« God And The Superego | Main | The Right Equipment »

The Scrivener: The Personal Face Of Time

Do read Brian Barratt's entertaining article on clocks. It will probably be the best time you spend today.

One day in the dim and distant past, I arrived home from school to find that Dad had bought a small electric clock. There it was on the top of the piano, in the dining room. The piano was sometimes in the dining room and sometimes in the front room. It and the settee were swapped over from time to time for reasons I didn't ask about. I was curious about dragline excavators, diving suits and dinosaurs, but not about our peripatetic furniture.

Nearly everything in the house came from the Edwardian era. That included a small selection of clocks which fascinated me.
We had a real wooden cuckoo clock which was sometimes wound up. One of childhood's small pleasures was to see and hear the cuckoo pop out and do its stuff.

There was an large ornate wooden mantel clock with an elegant face, high up on top of a tall cupboard. It was never wound up. I suspect it might have stopped short, never to go again, when someone or something died many years earlier.
A smaller polished wooden mantel clock sat, appropriately, on the mantelshelf above the fireplace in the dining room. Until the arrival of the electric clock, that was our main time-telling device. Well, that was the theory. In fact, when the electric clock started emitting a loud ceaseless buzz, and needed repairing, I seem to recall that it was relegated to second position in the horological hierarchy.

There were several clocks on the mantelshelf in the front room. The one that amused me, as a child, was in the form of a small lamp post, with the clockface at the top and a drunken gentleman leaning against the upright pole. Another was what I believe is called a balloon shaped mantel clock. If you aren't sure what that is, I'm afraid you'll have to look it up. Its squeezed-in-the-middle design is difficult to describe clearly without a picture. There were other clocks on that mantelshelf. They stood unused. They were merely decorative mementoes of a bygone era.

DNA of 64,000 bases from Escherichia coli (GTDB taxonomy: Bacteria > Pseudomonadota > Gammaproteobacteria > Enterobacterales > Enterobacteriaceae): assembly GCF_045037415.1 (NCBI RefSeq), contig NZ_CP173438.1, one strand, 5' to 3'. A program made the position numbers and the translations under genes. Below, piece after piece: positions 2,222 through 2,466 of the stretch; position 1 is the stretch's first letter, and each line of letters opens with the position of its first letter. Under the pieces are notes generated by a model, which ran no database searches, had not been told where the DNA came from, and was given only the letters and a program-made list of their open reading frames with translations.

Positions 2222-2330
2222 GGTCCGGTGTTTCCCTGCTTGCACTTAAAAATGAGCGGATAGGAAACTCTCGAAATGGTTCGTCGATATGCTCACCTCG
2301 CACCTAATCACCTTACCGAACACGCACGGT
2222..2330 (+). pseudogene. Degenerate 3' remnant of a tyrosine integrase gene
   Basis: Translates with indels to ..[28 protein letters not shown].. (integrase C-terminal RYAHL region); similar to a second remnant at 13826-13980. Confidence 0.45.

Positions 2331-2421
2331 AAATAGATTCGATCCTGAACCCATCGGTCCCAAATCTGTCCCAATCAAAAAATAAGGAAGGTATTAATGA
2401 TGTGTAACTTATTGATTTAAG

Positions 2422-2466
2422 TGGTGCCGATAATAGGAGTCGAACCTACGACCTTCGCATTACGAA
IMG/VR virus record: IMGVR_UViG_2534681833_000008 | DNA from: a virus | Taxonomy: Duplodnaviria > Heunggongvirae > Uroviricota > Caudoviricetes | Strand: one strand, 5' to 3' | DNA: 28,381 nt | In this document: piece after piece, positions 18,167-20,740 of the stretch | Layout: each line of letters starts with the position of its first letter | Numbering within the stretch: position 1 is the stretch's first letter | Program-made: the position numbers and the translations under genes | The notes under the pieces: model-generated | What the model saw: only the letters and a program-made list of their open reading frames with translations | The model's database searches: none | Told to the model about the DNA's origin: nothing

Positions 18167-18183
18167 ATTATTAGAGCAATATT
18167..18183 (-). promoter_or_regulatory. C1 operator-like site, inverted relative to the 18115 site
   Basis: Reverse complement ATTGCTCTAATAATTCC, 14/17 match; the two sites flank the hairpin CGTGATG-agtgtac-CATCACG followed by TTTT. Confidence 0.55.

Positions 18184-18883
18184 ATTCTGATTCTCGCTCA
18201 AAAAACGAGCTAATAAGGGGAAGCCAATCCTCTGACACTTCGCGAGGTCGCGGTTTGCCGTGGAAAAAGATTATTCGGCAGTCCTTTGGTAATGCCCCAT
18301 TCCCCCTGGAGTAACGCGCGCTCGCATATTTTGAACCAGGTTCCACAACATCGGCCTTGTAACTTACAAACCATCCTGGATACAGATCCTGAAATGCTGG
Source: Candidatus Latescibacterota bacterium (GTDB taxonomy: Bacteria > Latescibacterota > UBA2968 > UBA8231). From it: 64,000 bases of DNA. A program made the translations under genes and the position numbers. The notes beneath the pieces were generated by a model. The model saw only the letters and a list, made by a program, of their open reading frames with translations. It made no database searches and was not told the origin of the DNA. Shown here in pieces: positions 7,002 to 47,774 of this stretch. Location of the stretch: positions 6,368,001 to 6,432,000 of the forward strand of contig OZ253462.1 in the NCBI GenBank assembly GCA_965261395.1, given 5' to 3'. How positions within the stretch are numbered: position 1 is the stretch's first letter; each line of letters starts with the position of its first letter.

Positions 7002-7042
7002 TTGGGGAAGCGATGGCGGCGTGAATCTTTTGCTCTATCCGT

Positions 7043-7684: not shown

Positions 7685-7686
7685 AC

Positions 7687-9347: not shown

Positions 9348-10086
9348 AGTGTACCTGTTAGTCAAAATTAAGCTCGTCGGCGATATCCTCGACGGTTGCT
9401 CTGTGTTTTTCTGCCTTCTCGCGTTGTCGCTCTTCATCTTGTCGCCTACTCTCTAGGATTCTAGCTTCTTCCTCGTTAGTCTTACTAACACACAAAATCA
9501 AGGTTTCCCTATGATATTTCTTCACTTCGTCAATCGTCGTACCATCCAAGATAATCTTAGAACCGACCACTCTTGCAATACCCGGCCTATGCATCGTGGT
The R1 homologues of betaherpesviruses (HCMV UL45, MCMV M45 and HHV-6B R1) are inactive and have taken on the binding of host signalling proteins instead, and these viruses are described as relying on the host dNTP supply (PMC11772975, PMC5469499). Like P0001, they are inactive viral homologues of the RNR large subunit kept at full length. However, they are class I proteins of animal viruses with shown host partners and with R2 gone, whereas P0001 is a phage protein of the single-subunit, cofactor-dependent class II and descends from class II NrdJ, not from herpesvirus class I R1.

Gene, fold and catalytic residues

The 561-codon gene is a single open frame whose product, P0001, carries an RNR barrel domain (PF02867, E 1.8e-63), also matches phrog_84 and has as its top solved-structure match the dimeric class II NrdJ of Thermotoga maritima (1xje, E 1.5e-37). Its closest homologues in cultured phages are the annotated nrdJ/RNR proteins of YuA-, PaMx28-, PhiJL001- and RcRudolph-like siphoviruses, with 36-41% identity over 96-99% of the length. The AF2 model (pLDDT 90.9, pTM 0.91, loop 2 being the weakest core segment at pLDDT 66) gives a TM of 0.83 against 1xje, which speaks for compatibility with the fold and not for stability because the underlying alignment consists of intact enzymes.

Now, 60 to 70 years later, in my own home, my bedside clock-radio has died. Its only value was during the years when I had to drive into the city every day and therefore rise from my slumbers at a regular time. The radio was set to start playing at 6.28 a.m. Not 6.30, note, but 6.28. That gave me two precious minutes to plan the process of getting out of bed.

Not long ago, a wooden imitation antique clock on the parlour wall also gave notice of its demise. About 40 years ago, it replaced a mains-operated chromium-plated plastic thing it was a good example of extinct 1950s design. The battery-operated imitation antique kept fairly good time, gaining just a few minutes each month. And then it started slowing down. I installed a new battery. In the following week, it lost five minutes. I reset it. In the second week, five minutes. So I let it keep its own time for three weeks and it lost over a quarter of an hour. Out it went.

There's another, rather beautiful, imitation antique wall clock in the dining area. Its pendulum used to sway gently back and forth but lost that ability some years ago. It will still chime, with an electronic Big Ben type chime, but that uses quite a lot of battery power and, with my severe hearing loss, I can't hear it unless I'm standing close to it. I'm not inclined to switch my hearing aids on once an hour just to listen to it.

In the septuagenarian phase of life, we have more time to do what we want to do but, oddly enough, less time left in which to do it. Unless there are good reasons why we need to be reminded of the time and to follow a particular sequence of actions, we don't really need clocks all over the place. But some of us still hang on to them.

There was a vacant space on the wall when I removed the imitation antique wooden clock. It has now been filled with an elegantly framed print of a portrait of my great-great-great-grandfather Thomas Ordoyno, whose seminal work 'Flora Nottinghamiensis' was published in 1807. When I look at his determined expression and gently defiant eyes, I am looking back 200 years and pondering another aspect of the personal face of time.

Copyright Brian Barratt 2013

**

Fore more of Brian's timeless words please click on http://www.openwriting.com/archives/the_scrivener/

And do visit his Web site
www.alphalink.com.au/~umbidas/

Categories

Creative Commons License
This website is licensed under a Creative Commons License.